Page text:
After my post on factoring last week, Jim Doherty mentioned a speaker he had encountered find an experimental probability that a quadratic would factor, and cited 7%.  That number seemed reasonable to me, but perhaps a bit on the high side.  I set up an Excel document to generate three non-zero integers (more on this later), and rigged a system to check for perfect-square discriminants.  I recorded experimental results, in groups of 1000 trials, and kept a running total.

Excel document

Quadratic Graph

After 25,000 trials, I found that 7.26% of the quadratics would factor.

*While this endeavor started off innocently and quickly enough, I had to start over after I realized my Excel document allowed for zeroes.  It took a little logical Excel rigging to exclude them.

So, there must be a theoretical probability out there someplace?  Anyone know how to do it?


Encouraging Persistence Through Contest Problems, Part 2

In my last post, we looked at an AMC-12 problem of moderate difficulty, but with an premise that could be understood by many.  This time, we’ll take a look at a problem which delves into more abstract concepts, and explore how technology can allow students to consider solutions.  The following problem was question #23 from this year’s AMC-12.

Let S be the square one of whose diagonals has endpoints (0.1, 0.7) and (-0.1, -0.7).  A point v = (x,y) is chosen uniformly at random over all real numbers x and y such that x is between 0 and 2012, inclusive, and y is between 0 and 2012, inclusive.  Let T(v) be a translated copy of S centered at v.  What is the probability that the square region determined by T(v) contains exactly two points with integer coordinates in its interior?

In this year’s contest, where over 72,000 students participated, this question was answered correctly by only 4.5% of students, and was left blank by 81.6%.

Tomorrow morning, write this question in its entirety on a side board, and observe student reactions.  How many students begin to sketch the square described in the first sentence?  How many ask questions about some of the sophisticated language?  How many shrug and turn away?  This problem presents a number of chance for students to summarize given information, summarize “scary” language, and consider possibilities.

The first sentence describes a task which all geometry students, regardless of phase or level, can pursue.  Give students the task of telling you everything they can about that square, and share out their ideas.  Let’s look at it piece-by-piece.  First, we have a diagonal with defined endpoints:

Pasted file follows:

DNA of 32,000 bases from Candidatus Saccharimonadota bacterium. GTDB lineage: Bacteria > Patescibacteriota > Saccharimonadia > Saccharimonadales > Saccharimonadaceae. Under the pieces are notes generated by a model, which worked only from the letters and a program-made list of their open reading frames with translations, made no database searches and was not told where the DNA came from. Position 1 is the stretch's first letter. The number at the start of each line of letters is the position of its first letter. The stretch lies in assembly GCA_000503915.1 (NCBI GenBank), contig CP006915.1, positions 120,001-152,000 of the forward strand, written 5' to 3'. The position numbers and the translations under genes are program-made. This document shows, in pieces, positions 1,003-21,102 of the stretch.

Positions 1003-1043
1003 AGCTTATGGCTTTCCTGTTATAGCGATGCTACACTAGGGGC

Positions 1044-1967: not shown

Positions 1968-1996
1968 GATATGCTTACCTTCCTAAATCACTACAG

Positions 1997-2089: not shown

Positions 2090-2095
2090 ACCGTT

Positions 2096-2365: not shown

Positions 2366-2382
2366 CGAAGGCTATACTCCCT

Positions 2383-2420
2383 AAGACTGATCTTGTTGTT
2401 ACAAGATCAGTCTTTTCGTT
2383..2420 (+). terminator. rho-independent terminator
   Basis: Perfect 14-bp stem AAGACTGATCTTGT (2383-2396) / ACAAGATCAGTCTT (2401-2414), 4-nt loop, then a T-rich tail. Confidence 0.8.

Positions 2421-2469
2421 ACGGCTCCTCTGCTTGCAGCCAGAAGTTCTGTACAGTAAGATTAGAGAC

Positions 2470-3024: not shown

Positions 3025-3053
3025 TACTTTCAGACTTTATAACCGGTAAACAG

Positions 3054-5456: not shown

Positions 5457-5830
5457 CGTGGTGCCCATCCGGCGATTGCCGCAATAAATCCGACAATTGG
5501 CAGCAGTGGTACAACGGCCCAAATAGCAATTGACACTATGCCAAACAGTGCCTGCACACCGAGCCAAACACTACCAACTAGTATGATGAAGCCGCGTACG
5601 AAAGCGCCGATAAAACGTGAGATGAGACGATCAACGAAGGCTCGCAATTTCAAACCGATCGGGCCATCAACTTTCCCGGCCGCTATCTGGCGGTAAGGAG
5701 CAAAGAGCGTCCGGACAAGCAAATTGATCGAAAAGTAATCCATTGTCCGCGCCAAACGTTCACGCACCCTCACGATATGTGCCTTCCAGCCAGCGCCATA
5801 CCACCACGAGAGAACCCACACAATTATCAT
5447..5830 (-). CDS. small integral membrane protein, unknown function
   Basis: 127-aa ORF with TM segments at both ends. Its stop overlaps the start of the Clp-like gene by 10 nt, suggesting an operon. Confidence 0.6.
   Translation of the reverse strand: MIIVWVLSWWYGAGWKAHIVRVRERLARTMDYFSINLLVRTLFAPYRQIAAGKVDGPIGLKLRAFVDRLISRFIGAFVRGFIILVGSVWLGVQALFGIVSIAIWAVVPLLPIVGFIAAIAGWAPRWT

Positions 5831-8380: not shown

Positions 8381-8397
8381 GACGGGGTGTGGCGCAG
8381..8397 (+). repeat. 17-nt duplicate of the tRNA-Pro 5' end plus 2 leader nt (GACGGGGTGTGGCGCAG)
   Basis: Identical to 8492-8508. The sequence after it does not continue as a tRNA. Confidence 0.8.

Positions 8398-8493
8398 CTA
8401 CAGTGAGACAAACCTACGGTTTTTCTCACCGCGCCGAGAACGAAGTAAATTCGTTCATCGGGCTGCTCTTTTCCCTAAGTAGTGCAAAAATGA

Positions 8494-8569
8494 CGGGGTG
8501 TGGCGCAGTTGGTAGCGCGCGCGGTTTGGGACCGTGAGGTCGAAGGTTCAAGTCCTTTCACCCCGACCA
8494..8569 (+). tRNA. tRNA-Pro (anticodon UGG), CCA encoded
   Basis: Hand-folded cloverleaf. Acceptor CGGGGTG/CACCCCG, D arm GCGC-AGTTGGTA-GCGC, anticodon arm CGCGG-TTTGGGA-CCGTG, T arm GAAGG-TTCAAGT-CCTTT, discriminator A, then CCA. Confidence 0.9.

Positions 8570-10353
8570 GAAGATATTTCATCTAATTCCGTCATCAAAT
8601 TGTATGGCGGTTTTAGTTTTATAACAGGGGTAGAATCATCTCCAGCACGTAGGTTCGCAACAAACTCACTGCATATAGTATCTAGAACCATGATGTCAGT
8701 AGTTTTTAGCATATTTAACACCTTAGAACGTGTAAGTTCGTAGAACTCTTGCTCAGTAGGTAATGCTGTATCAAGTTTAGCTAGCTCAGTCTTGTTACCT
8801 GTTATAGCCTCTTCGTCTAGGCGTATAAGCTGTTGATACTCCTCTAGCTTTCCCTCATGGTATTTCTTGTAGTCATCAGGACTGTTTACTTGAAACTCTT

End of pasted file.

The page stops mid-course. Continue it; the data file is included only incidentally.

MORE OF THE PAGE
Can we find the other diagonal? This is a great opportunity to look at perpendicular bisectors, and consider slope. After the other diagonal is found, we can see the given square:


Is there anything else we might need to know about this square? Can we find its side lengths? How can we find its dimensions? Another nice connection, to our old friend the Pythagorean Theorem, emerges…


How convenient for us! We have a unit square, where all sides have length 1. Even if we don’t consider the rest or the problem, think about how rich of a discussion we have already had!

Now for the scary part….all that spooky language. But is it so bad really? What is the question really asking us to do? Challenge students to re-write the premise of this problem, so that it can be explained easily to a friend or neighbor. Here’s what we are being asked to do:

  • Pick any random point in the first quadrant, but don’t go above 2012 for x or y.  We’ll call it point v.
  • Take the square we just made, and copy it, so that v is the center.
  • How likely is it that the new square contains two points with “integer coordinates”?  This is great time to introduce the term “lattice point”.

Here’s an example of what we are looking at.  The original square remains at the origin, but a new one, with center v1, has also been introduced.  Notice that this new square captures only one lattice point.


So, how are we going to find that wicked probability? Using Geometer’s Sketchpad, I created a model of this problem, which students could then use to explore the premise. Contact me if you would like the Sketchpad file to use.  Enjoy my tinkering in the video below:

Encourage your students to break down problems into smaller, digestible pieces, and not be afraid or scary-looking language. The rich class discussions which come from allowing time for questions to stew and worth it!

So, what’s the answer? Below is a link to a great summary video by Richard Rusczyk from the excellent website It’s perfect for sharing with your classes after you have explored the problem and discussed ideas: